By Chipo Musoko, HARARE, June 10 (The Source) – Creditors of the collapsed Interfin Bank, who are owed $155 million, on Wednesday unanimously voted to institute legal proceedings against the bank’s directors for the prejudice they suffered, the High Court heard.
Interfin, a shining example of locally owned banks when it was established in 1999, was placed under liquidation at the beginning of this year after it failed to secure $50 million in fresh capital during a three-year curatorship despite reported interest from 12 potential investors.
About 7 banks, mostly locally owned, have shut down since 2009 when Zimbabwe unofficially dollarized.
The bank’s liquidator John Chikura of the Deposit Protection Corporation (DPC), represented by his agent Ngoni Kudenga of BDO Zimbabwe Chartered Accountants, told creditors that a forensic investigation had been done on the bank’s failure and additional information was being sought.
“We are looking at other information we need over and above (the forensic report) for us to go further,” he said.
Kudenga requested creditors to vote for a resolution “to instigate legal proceedings against the parties found to be at fault in their individual capacities in the event that these are found to have been reckless and or negligent in the discharge of their oversight responsibilities over the bank’s activities.”
The creditors, who presented claims worth over $114 million, during the meeting unanimously voted in favour of the resolution to prosecute directors amid cheers.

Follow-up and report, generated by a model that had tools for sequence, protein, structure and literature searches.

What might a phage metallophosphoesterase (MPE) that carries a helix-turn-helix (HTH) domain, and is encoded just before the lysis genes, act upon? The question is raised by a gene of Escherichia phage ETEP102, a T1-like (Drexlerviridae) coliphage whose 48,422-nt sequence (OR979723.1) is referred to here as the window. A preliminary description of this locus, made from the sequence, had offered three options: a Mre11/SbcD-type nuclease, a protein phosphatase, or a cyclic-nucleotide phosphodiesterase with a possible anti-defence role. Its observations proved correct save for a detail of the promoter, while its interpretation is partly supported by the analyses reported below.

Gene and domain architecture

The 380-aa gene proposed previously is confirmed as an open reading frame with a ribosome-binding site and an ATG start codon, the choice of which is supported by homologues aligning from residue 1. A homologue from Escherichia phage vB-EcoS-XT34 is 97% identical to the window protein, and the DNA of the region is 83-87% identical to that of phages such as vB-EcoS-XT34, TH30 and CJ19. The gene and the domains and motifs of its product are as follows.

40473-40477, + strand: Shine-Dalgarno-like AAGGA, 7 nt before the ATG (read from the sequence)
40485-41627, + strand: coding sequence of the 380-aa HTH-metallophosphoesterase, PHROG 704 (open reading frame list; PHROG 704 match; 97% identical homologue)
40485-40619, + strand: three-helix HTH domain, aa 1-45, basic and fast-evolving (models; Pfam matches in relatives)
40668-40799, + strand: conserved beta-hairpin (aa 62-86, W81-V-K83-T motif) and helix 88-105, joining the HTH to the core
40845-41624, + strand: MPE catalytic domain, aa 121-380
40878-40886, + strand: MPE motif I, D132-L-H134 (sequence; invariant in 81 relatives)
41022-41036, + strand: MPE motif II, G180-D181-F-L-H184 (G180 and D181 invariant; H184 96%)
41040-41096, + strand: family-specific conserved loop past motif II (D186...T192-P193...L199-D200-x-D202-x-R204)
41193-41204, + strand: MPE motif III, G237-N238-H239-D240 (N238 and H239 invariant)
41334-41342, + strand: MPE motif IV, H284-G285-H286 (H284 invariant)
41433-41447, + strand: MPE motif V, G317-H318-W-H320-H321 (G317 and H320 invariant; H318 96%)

The Master of the High Court, Eldard Mutasa appealed to the creditors to be patient as liquidation was “not an event but a process.”
“There is due process that has to be observed. You should be patient with him (liquidator), he needs to do his work properly. We understand you have been violated and we can only do so much,” he said.
The bank’s assets are worth $39 million while its liabilities total $155 million.
Kudenga told creditors that the bank, whose main shareholders are Jerry Tsodzai, Farai Rwodzi and Tim Chiganze with a combined ownership of 60 percent, had collapsed mainly due to high levels of non-performing insider loans.
The insider and related party loans amounted to $90,6 million as at January 27 2015, with almost all the loans non-performing.
He said there was also an erosion of capital through provisioning shortfall of $44,32 million in 2012 which was a result of failure by the bank to set aside adequate funds to cushion it from losses arising from bad and doubtful loans.
“There was an ineffective risk management process which led to a high rate of non-performing loans. This was coupled with the fact that some loans were advanced without security and became difficult to collect,” he said.
The NPLs, he said, affected the liquidity position of the bank which culminated in a failure to pay maturing liabilities, leading to some of the bank’s depositors and creditors instituting legal action against it.
As at June 30, 2012 the bank had a negative core capital of $92,9 million while its shareholders failed to inject the required $142,9 million in order to comply with the minimum capital requirements which was $50 million at the time.
“There was lack of independence in the board composition for both the holding company (Interfin Financial Services Limited) and the bank. Some directors were both significant shareholders and directors of the two entities,” he said.
The central bank said the IFSL board was irregular as it was composed of just three directors, including Rwodzi and in 2012 declared him unfit to be a director and shareholder of the bank.
The bank’s total loan book as at January 27 was $169 million before adjusting for debtors that were ceded to a creditor worth $27 million.
“Demand letters have been sent to the few debtors who had not been handed over to the lawyers and are currently evaluation payment plans for those who have responded,” he said, adding that others would be handed over to lawyers.
So far only $18,5 million had been collected from debtors while the balance was proving difficult to recover as some debtors were also being liquidated or assets could not be identified.